Mar(k): Travel, Hiking, and "Doing Good"

musings on our life of travel and volunteering

04 April 2010

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Food or Fuel:  The debate on biofuels

This month I am musing on what Ghana’s position should be respecting biofuels. The message coming out of the Copenhagen Climate Summit is that Africa needs to focus on adaptation strategies to cope with a changing climate.  Here in the Sahelian area, we know that we are likely to experience more severe weather conditions (ie: more floods and droughts).  In harsh climatic conditions such as these, land that is available for cropping should be used to feed the people.  Yet one of the things we are seeing is a “land grab” to produce biofuels.   This is occurring as the cost of oil and other energy sources continues to rise.  World demand is on the rise, but pressure is mounting to find non fossil-fuel sources of energy.  Hence, the drive by foreign investors to purchase land in Ghana to use for planting energy crops. This foreign investment can, on the face of it, seem to be a welcome thing.  However, if the lands in question are already being used for food crops, this raises serious ethical issues about priorities;  feeding hungry people, or reducing the carbon footprint of rich Western countries who are coming to Africa to mitigate their environmental follies?

In theory, the switch to biofuels sounds laudable, and I know that as a committed environmentalist, I want the world to find ways to reduce its dependence on fossil fuels.  But here in Africa, I believe the focus of development should be continuing to help people move out of poverty, into more sustainable livelihoods.  I do not believe that this is best accomplished by diverting land away from food crops to biofuels.   It would seem a rather bizarre and twisted logic to receive money (for planting biofuel energy crops), only to then take that money and use it to import food!   The impact on food security and on people’s livelihoods is something that needs to be brought to the attention of policy makers when decisions are being made about land being bought and sold here in Ghana.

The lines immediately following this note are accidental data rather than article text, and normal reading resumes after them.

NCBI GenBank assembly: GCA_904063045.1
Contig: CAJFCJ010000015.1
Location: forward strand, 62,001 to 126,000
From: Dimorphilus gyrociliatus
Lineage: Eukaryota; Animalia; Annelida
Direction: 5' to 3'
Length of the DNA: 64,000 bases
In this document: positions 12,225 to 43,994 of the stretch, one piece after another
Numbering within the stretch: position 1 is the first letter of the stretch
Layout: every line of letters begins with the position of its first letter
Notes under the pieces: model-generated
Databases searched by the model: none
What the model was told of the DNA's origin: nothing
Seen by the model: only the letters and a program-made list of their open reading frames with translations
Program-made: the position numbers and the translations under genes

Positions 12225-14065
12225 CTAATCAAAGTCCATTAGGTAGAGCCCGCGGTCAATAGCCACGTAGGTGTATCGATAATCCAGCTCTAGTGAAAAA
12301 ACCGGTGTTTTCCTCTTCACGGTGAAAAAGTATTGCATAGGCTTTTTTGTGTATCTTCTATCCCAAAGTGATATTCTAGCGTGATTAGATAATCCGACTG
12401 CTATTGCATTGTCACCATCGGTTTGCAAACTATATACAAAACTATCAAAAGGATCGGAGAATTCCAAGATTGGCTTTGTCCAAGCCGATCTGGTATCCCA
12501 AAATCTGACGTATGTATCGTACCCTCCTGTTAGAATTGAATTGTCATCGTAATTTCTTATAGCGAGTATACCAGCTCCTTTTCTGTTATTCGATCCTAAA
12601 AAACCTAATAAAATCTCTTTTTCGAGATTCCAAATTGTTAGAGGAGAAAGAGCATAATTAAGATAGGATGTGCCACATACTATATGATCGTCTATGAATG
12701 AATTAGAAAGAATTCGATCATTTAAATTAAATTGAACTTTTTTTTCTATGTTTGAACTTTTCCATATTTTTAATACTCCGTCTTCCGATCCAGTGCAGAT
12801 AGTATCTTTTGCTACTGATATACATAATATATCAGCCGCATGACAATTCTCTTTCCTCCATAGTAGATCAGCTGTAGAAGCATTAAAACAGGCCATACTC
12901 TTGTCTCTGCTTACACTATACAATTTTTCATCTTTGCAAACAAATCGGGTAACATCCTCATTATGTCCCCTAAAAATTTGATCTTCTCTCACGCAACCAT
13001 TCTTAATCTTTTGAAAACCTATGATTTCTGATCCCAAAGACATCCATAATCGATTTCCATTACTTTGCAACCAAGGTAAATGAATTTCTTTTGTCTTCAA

Interestingly, I have been reading about a biofuel which does not require land to obtain its feedstock.  In this case, the feedstock is non-food agricultural waste.  The resulting fuel is called cellulosic ethanol, which is made from non-food products like corn stalks, wood chips and switchgrass.  Other alternatives being pursued are things like algae production, which does not require vast tracts of land.  Putting money behind the research and development of these types of fuel sources (called third generation fuels – those which are renewable and do not diminish the food supply) is one way to encourage innovative solutions that both reduce the carbon footprint while keeping agricultural lands available for food production.

I will look forward to seeing the government’s biofuel policy when it is developed.  The people of Ghana deserve to have a well thought out strategy on such an important issue that will affect so many.

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Written by Mar(k)

April 6, 2010 at 3:57 pm

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